How a gold mine drama set this man on a path to lead Australia

For two weeks in 2006, Australia’s news cycle was dominated by the gripping and ultimately successful bid to rescue two men trapped in a collapsed gold mine. The real-life drama also unearthed an unlikely star — Bill Shorten, a union leader who’s now poised to become the nation’s prime minister.

“It was an incredible story and he made sure he was heavily involved in it,” says Barry Easther, who at the time was the mayor overseeing the remote Tasmanian town of Beaconsfield and watched Shorten position himself as the miners’ spokesman. While Easther believes his concern for the men was genuine, he said the unionist also “loved the media attention because he was very much building a profile.”

Shorten, 52, has rarely left the spotlight since. Thirteen years later, helped by a combination of political intuition, prodigious networking and hard work, he’s on the cusp of leading his left-leaning Labor party to victory in Saturday’s election and potentially ending Australia’s decade-long era of political chaos.

“Bill’s always been great at reaching out to people, making alliances and putting a team together that can get things done,” says Peter Cowling, who shared a flat with Shorten while they attended Melbourne’s Monash University in the 1980s. “The cliche comment about Bill used by his friends was there was no doubt he seemed destined to become a Labor prime minister.”

That goal is now within reach, and should he win power he faces the challenge of taking over an economy that appears to be running out of steam after nearly 28 consecutive years of growth. He will also need to navigate the intensifying trade war between the U.S., Australia’s most important ally, and China, its biggest trading partner.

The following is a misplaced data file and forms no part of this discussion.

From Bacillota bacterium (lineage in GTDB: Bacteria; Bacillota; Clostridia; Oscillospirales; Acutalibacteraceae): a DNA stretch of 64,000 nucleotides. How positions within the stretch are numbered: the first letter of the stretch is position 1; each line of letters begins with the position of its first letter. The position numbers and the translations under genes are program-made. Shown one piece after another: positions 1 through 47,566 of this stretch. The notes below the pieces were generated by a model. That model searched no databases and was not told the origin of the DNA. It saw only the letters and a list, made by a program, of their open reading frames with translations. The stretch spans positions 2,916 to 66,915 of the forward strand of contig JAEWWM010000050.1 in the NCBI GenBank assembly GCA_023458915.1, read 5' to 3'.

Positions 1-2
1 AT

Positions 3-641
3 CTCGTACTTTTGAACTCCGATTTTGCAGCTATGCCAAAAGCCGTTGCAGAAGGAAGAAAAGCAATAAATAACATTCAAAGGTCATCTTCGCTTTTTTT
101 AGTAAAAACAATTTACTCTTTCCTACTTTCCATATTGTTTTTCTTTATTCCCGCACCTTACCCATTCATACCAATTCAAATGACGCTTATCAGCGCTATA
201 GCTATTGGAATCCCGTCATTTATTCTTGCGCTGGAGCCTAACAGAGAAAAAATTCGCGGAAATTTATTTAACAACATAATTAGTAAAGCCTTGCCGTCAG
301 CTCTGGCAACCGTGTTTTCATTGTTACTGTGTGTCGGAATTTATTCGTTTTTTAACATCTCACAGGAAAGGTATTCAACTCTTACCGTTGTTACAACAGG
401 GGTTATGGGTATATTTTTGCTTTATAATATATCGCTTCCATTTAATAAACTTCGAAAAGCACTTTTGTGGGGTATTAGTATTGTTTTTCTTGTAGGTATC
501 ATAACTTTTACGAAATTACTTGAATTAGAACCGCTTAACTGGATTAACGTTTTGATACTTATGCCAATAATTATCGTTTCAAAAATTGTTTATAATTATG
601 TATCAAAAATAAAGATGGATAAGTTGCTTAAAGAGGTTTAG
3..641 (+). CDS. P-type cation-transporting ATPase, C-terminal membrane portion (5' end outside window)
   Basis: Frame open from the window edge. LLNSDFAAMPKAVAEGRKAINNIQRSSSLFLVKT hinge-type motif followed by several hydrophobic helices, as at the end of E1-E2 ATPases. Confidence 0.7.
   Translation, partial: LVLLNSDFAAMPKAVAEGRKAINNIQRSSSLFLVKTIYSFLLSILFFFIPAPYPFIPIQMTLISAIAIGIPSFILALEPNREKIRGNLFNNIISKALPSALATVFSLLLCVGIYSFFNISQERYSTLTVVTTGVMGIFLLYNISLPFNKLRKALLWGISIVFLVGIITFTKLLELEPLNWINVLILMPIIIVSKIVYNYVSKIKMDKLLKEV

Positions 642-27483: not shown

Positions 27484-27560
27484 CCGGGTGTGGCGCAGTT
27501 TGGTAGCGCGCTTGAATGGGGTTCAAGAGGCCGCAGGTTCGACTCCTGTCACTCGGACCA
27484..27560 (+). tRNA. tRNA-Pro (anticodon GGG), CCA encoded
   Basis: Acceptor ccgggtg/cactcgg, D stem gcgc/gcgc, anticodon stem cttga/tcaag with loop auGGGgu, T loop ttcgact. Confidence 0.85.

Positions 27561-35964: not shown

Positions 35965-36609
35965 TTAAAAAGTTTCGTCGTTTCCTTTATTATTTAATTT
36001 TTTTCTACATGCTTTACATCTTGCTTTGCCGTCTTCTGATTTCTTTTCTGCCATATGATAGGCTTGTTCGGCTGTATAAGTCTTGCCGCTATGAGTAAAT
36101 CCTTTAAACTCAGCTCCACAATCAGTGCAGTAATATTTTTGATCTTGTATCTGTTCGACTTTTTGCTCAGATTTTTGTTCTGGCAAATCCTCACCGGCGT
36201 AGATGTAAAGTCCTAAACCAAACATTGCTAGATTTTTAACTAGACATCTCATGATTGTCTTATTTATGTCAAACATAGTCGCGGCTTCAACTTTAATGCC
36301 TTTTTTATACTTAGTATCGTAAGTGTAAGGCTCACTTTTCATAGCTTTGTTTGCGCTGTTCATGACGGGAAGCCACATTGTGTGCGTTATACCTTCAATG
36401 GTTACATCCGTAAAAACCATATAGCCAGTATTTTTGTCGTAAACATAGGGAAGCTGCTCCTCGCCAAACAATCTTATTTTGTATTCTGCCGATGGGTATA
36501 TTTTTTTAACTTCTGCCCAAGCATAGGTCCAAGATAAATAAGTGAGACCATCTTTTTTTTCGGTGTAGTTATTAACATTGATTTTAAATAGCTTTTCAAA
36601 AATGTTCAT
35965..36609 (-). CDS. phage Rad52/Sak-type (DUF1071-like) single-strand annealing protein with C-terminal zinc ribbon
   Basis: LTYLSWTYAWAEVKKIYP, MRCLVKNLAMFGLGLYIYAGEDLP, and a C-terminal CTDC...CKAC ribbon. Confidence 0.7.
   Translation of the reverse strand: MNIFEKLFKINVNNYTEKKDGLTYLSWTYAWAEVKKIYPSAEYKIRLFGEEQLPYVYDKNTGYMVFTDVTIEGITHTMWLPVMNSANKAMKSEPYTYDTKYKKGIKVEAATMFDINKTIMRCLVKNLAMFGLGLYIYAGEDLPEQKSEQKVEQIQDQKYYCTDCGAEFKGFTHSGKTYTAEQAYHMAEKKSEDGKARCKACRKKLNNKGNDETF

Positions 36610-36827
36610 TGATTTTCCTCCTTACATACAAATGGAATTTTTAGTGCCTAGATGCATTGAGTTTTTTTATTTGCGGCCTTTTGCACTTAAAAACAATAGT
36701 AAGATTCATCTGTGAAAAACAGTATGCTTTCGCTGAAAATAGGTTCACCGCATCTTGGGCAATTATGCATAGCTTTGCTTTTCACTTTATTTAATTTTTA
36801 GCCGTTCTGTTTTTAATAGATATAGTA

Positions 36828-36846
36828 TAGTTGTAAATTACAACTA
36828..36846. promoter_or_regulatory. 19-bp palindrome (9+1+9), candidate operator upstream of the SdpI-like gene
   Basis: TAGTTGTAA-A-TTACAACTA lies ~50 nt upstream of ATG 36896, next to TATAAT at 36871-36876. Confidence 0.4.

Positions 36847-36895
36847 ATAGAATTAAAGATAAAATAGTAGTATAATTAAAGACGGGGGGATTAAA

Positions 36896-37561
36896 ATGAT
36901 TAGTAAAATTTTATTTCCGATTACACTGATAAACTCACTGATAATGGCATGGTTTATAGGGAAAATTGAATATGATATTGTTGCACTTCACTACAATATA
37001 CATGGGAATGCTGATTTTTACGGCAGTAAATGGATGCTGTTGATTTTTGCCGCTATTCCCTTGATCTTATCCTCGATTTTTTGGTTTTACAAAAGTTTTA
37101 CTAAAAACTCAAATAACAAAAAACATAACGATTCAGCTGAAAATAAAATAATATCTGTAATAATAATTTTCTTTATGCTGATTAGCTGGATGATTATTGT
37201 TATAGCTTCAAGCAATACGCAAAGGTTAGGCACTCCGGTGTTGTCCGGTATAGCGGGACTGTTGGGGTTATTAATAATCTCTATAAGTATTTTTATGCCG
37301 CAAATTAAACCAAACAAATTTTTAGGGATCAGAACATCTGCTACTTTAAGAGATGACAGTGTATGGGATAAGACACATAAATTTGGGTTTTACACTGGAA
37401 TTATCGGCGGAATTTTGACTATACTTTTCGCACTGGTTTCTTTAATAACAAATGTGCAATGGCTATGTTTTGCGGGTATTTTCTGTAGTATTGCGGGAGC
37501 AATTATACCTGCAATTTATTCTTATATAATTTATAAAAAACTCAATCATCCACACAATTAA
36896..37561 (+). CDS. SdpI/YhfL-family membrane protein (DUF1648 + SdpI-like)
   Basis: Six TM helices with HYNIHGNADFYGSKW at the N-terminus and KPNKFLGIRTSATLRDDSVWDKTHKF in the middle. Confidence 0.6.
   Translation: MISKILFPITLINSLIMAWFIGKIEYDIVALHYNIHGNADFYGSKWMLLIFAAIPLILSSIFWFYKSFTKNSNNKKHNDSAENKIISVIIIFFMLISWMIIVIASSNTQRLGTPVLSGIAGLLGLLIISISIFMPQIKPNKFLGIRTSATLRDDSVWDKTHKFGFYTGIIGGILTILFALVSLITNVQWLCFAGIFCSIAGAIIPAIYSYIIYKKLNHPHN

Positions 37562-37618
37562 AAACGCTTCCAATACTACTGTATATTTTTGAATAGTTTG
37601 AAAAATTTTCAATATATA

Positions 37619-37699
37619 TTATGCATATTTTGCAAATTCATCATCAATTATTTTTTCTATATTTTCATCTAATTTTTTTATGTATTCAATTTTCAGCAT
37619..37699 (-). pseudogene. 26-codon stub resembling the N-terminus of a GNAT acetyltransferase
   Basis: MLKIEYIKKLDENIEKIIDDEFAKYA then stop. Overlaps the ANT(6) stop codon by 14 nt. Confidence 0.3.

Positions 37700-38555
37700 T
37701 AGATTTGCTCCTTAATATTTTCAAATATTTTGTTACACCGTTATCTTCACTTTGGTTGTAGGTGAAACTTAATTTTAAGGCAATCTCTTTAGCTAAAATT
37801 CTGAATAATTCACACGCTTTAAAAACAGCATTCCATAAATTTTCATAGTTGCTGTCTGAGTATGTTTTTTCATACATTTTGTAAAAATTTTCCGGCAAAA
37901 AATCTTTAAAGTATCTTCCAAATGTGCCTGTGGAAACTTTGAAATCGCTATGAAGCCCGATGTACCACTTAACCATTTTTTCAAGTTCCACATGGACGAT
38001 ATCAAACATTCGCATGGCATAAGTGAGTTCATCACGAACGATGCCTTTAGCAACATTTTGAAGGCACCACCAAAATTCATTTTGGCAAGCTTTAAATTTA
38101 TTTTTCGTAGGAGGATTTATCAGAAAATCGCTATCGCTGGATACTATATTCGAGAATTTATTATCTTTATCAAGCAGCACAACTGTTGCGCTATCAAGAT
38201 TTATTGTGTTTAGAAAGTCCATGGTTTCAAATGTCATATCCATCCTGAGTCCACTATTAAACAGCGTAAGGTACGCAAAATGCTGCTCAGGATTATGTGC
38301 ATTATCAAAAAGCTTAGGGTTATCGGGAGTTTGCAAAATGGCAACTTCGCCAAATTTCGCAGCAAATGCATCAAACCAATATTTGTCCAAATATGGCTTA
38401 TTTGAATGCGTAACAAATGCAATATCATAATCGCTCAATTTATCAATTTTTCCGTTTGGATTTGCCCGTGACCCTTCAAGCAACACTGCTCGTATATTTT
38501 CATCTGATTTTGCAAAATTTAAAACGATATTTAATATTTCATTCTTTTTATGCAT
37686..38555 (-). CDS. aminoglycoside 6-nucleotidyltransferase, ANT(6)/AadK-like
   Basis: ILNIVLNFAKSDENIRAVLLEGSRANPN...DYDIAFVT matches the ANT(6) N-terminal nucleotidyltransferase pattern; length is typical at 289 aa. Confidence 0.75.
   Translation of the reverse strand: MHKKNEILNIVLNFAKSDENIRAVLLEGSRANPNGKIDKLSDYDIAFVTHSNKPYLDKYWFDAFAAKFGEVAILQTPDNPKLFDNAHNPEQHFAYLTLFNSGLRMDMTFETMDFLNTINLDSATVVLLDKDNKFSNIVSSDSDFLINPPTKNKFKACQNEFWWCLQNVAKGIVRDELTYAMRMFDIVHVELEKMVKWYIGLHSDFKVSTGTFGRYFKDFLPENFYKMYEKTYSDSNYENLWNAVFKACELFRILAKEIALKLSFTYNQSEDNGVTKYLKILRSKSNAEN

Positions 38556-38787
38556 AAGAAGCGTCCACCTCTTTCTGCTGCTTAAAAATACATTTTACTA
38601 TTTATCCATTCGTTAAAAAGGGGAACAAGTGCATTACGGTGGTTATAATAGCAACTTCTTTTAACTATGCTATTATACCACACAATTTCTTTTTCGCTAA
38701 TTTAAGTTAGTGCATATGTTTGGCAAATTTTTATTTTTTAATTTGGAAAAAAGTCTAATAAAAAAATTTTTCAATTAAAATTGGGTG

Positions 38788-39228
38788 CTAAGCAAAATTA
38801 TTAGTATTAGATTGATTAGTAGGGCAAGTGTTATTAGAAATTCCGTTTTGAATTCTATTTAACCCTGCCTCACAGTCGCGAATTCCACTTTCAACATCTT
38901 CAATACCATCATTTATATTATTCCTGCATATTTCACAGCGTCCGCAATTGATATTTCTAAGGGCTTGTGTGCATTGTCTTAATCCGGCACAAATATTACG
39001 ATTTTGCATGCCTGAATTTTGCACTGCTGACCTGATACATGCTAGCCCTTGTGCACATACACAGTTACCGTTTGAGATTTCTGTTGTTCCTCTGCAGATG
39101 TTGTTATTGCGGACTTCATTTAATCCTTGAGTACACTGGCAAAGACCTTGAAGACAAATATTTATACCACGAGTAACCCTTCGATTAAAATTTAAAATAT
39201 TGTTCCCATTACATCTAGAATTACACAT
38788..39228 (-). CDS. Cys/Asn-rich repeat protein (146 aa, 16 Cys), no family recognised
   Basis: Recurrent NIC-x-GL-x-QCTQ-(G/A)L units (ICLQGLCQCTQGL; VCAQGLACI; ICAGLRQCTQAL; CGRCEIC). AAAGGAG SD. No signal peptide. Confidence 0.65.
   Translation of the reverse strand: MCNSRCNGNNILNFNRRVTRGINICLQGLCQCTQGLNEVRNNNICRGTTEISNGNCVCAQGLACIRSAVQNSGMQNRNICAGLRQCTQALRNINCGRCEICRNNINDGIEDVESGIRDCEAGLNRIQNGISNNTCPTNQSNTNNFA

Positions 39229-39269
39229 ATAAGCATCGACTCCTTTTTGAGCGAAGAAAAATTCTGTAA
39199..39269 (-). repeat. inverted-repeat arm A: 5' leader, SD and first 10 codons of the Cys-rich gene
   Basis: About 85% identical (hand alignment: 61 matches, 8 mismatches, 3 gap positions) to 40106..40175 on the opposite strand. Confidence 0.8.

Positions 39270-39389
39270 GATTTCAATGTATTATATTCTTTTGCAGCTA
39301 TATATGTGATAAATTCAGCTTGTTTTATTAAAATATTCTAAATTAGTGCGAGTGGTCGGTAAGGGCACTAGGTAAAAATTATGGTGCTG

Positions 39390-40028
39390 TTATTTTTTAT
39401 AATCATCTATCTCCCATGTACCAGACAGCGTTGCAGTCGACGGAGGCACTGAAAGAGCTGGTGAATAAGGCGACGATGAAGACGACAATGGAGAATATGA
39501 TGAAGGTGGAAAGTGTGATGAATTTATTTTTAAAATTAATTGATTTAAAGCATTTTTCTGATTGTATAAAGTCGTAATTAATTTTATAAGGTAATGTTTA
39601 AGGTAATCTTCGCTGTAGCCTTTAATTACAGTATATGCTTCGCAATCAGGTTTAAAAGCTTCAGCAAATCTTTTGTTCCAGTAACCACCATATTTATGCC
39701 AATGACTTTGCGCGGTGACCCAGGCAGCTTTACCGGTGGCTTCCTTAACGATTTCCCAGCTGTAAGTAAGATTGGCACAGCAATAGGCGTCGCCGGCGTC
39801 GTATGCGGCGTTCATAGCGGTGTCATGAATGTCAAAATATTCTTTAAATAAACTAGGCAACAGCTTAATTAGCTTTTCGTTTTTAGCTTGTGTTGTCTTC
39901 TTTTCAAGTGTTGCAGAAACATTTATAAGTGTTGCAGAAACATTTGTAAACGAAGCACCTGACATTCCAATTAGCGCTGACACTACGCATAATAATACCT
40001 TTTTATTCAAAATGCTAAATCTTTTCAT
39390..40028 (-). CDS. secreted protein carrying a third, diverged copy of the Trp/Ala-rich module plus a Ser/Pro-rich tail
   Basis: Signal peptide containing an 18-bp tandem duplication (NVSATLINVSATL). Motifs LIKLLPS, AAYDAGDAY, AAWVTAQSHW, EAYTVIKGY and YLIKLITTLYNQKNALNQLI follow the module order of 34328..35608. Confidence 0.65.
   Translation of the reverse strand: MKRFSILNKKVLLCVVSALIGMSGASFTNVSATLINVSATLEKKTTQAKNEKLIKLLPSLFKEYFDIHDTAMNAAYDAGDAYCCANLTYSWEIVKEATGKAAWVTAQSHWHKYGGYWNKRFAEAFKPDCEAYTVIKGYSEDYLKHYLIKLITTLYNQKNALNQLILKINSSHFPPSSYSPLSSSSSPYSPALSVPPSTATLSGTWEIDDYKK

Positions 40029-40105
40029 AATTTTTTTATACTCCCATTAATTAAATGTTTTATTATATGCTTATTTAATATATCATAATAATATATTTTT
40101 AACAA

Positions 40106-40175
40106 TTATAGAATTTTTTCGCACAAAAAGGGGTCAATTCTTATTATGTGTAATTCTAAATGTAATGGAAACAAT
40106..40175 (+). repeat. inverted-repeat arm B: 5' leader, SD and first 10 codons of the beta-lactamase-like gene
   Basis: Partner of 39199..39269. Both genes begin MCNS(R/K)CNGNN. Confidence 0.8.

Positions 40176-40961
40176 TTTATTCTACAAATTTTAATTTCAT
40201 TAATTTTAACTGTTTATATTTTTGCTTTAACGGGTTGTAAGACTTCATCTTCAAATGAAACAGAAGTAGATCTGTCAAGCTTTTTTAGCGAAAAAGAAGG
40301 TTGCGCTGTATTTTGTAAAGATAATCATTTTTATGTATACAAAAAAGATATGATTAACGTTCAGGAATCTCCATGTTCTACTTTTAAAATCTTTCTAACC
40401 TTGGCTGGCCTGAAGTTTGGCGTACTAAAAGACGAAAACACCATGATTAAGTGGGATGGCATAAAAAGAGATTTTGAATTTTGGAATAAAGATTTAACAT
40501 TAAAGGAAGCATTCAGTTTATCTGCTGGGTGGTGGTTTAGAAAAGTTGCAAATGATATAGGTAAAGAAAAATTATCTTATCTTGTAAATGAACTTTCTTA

Power broker

Shorten rose from working-class roots and became a union power-broker before winning his seat in parliament in 2007. While he quickly built a reputation within the party for crafting policy, his prominent role in removing two sitting Labor prime ministers means many voters still regard him as a back-room schemer.

Yet Shorten has earned respect for transforming the ramshackle party into a disciplined, united force since becoming its leader six years ago. His election platform has focused on stripping back tax incentives to redistribute wealth from older, comfortable Australians to a younger, poorer generation.

“This economy is more likely to grow sustainably when millions of Australian households are getting regular wage rises, getting support with cost of living, having a properly funded health-care system,” Shorten told an audience while on the campaign trail this month.

Shorten’s fixation on fairness was instilled in him by his parents. His father was a British immigrant working on Melbourne’s notoriously rough-edged wharves who organized union meetings, while his mother — described as his “biggest inspiration” — was a teacher who in later life became a barrister.

Although she shepherded Shorten into studying law at one of Melbourne’s most prestigious universities, he paid his own way through manual work, including cleaning up in a butcher’s shop. At the same time, he was using his nascent networking skills to lure eminent Labor figures such as prime ministers Bob Hawke and Paul Keating to speak to students.

‘Saving the world’

“Bill’s talent was to make student politics interesting and accessible to everyone,” says Cowling, who’s now the Australian head of Vestas Wind Systems A/S, the biggest maker of wind turbines. “His idea was you can have fun while saving the world.”

Shorten’s first full-time job was as a youth affairs adviser for the Victoria state Labor government. He then defended injured workers at a private law practice, and in 1994 began working for the Australian Workers’ Union. By 2001 he was leading the organization.

“Beaconsfield catapulted Shorten into the national spotlight and showed he was a potential Labor leader because his support of the working class looked genuine” 

He was also mixing in more opulent circles, and was a friend of the late billionaire packaging mogul Richard Pratt.